Economy Minister Martín Guzmán announced Tuesday that Argentina had reached an agreement with the Paris Club of creditor countries to avoid defaulting on a loan repayment in July and unlocking temporary relief of some US$2 billion.
"We have reached an understanding with the Paris Club" to avoid defaulting on July 31, when a grace period was to expire for the repayment of a final tranche of debt of about US$2.4 billion, Guzmán told reporters in the capital. “This new time horizon gives us more security.”
Instead of US$2.4 billion, Argentina will repay US$430 million in the short term in a number of payments, followed by the rest later, said the minister. The amount owed was the last repayment on debt renegotiated with the Paris Club in 2014.
"Paying that amount would have been a blow to international reserves, it would have generated more exchange rate instability and more macroeconomic instability. On the other hand, a default, a situation of default, would also have been a blow to the economy," said the minister.
Guzmán pointed out that the new payment dates were not yet fully defined, though it is likely that the first payment would take place on July 31, with the second in 2022.
"Argentina will have until March 31, 2022 to aim for a more permanent restructuring with the Paris Club and will continue its efforts to reach an understanding with the International Monetary Fund," the minister said.
Argentina will continue negotiations for repayment of some US$45 billion it owes the International Monetary Fund. In-person talks with IMF representatives will continue on the sidelines of a G20 summit in Italy in July, said Guzmán.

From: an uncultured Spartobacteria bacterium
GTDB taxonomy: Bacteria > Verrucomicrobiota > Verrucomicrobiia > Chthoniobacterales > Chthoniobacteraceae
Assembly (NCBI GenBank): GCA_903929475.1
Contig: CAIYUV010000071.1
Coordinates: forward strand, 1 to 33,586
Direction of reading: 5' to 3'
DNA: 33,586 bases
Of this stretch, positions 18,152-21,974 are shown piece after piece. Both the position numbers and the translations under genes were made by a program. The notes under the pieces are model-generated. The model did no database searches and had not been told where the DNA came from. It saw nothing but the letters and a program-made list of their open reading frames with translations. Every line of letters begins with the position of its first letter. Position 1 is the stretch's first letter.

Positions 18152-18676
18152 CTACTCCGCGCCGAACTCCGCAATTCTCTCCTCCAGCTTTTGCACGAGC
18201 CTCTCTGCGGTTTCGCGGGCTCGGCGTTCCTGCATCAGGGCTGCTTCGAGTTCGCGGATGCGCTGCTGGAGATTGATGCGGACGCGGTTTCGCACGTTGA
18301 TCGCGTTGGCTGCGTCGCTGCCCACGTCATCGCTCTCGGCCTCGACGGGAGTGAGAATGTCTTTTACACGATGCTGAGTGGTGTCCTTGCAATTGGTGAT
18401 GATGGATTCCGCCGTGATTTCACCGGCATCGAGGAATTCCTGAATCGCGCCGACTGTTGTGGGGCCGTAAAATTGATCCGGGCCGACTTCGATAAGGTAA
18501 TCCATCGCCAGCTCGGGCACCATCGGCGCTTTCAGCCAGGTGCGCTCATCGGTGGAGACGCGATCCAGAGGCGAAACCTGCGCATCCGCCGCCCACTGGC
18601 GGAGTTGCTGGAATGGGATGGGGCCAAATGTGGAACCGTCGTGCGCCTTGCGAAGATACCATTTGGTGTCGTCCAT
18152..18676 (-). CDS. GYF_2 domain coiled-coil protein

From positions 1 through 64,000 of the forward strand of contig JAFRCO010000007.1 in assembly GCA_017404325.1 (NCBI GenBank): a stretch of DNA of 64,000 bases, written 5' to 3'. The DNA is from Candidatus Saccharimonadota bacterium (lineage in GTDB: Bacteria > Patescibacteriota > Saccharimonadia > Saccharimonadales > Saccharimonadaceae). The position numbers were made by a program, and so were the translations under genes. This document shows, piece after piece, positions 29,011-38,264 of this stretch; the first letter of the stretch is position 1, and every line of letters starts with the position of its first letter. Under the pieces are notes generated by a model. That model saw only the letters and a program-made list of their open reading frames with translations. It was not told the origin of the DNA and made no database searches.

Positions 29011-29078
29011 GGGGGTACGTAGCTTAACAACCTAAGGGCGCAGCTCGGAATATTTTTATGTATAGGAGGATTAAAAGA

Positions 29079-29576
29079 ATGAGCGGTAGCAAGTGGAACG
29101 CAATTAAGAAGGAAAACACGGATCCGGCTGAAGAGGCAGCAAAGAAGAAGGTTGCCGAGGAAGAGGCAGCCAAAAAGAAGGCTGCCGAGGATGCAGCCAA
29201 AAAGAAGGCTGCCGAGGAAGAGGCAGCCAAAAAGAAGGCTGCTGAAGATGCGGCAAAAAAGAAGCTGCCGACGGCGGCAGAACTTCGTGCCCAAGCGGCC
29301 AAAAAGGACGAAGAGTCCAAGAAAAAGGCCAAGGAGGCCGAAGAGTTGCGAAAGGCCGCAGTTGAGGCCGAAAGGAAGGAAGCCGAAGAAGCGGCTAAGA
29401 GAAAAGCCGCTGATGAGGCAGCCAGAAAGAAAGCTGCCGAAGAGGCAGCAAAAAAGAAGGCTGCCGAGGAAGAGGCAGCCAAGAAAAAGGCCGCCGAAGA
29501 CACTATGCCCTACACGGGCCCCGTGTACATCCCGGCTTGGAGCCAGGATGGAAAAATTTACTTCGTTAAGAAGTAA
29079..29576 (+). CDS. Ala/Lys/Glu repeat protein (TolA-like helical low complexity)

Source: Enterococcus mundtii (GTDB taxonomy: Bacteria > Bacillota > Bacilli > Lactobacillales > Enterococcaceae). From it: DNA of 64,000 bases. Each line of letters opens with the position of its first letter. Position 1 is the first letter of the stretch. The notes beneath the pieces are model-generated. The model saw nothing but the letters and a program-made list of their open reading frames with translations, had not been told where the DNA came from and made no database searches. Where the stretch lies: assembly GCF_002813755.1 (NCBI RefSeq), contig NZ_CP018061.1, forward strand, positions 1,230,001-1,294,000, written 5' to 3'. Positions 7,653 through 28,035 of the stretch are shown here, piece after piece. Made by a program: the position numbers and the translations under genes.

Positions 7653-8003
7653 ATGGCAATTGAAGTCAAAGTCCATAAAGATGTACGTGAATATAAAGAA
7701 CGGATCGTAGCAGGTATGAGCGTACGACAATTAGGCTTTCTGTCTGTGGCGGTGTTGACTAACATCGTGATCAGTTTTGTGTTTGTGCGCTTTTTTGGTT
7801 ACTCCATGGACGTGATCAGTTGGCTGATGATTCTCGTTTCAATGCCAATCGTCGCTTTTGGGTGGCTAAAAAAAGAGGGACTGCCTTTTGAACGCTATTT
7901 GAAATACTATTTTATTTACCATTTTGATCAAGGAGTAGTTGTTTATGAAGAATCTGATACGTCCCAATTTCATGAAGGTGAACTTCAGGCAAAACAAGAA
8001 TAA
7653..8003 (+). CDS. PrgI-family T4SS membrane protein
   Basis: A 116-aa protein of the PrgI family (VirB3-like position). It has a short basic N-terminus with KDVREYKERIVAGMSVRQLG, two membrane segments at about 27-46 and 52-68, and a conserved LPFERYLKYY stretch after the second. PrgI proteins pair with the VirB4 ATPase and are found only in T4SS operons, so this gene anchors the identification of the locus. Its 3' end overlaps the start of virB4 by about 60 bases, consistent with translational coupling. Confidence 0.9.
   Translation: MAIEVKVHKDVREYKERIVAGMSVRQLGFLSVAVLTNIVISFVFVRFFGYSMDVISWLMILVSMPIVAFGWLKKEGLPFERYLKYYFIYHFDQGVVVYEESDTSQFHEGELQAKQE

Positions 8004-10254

The Paris Club developments mean that Argentina is now committed to reaching a deal with the IMF by the end of March 2022, as it has agreed to treat all other external creditors in a comparable manner, said Paris Club General Secretary Schwan Badirou-Gafari this week, responding to an enquiry from Bloomberg.
Argentina entered the debt’s 60-day grace period to reach an understanding with the informal group of creditors after requesting more time to work out an arrangement. Guzmán said Tuesday, however, that the March 2022 deadline with the Paris Club won’t have any impact on the timeline for IMF negotiations.
"Our goal is to have a good agreement, the sooner the better, but the priority is that it be good," said Guzmán, who insisted the IMF shared some responsibility for Argentina's indebtedness.
President Alberto Fernández visited a number of European countries in May to drum up support for a delay in its debt repayments to the Paris Club and IMF. In March, he said the debt in its current form was "unpayable."
Argentina has been in recession since 2018, a situation worsened by the coronavirus epidemic. In 2020, GDP declined nearly 10 percent and poverty now affects about 42 percent of the population.
Last year, the country restructured some US$66 billion in debt with private bondholders.